Among the findings:
Large employers' satisfaction with health insurers fell from 64% in 2008 to 59% in 2009.
Small employers are more unhappy than large employers, with overall satisfaction at 52%. But the gap between large and small employers is narrowing as large employers grow more unsatisfied over time.
Claims processing, administrative fees and provider discounts are the most important basic service offerings for both large and small employers. Wellness programs have overtaken provider discounts as the more important offering for large companies, though.
Employers are frustrated with low employee participation in wellness and disease management programs. Incentives such as cash, gift cards and annual premium savings are no longer working as a way to get employees to enroll.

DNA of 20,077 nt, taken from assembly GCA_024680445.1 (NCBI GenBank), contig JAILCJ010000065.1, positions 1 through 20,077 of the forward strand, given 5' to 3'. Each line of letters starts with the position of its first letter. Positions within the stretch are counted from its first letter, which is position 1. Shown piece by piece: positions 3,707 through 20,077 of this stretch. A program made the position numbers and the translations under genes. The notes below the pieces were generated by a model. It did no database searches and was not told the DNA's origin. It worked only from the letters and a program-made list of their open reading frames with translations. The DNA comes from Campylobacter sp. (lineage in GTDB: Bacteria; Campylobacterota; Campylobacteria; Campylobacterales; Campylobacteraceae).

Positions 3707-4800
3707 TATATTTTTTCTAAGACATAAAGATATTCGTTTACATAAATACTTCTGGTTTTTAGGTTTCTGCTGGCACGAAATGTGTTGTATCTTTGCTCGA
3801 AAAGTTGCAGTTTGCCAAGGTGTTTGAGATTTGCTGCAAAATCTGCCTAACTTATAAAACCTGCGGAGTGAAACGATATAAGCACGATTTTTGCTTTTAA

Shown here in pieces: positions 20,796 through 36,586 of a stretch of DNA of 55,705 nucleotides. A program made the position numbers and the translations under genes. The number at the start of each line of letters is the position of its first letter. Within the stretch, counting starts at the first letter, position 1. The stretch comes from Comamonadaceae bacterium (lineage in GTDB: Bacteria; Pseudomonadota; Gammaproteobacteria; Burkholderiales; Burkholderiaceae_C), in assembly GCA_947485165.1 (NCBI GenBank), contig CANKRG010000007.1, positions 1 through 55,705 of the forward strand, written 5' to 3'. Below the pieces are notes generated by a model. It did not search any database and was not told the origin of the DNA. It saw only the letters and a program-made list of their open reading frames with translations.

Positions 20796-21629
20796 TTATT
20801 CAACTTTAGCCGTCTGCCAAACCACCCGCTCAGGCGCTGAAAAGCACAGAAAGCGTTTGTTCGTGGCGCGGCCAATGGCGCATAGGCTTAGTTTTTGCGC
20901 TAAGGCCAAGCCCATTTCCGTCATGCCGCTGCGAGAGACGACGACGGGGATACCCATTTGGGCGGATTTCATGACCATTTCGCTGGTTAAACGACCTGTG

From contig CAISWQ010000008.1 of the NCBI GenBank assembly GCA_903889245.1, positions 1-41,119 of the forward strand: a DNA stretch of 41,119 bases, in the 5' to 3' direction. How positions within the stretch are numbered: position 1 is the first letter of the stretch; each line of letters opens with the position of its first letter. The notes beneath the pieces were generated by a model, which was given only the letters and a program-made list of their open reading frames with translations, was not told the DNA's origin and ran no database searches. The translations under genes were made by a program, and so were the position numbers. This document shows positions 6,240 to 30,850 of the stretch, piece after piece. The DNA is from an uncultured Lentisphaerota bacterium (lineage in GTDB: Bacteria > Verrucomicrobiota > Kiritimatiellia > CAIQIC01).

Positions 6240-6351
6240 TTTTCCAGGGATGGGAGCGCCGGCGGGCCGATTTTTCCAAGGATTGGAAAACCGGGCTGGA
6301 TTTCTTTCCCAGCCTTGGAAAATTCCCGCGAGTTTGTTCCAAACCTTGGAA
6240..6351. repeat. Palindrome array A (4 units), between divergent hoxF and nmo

There's growing interest in personal technology tools such as personal health records and online comparison tools. About half of all employers say it's important for insurers to offer these tools, but less than half are satisfied with what they're getting.
I'm not surprised that employers are unhappy with their insurance providers, given how costs are continually on the rise. But I am surprised by their frustration over low participation in wellness offerings.
You'll find the full report here.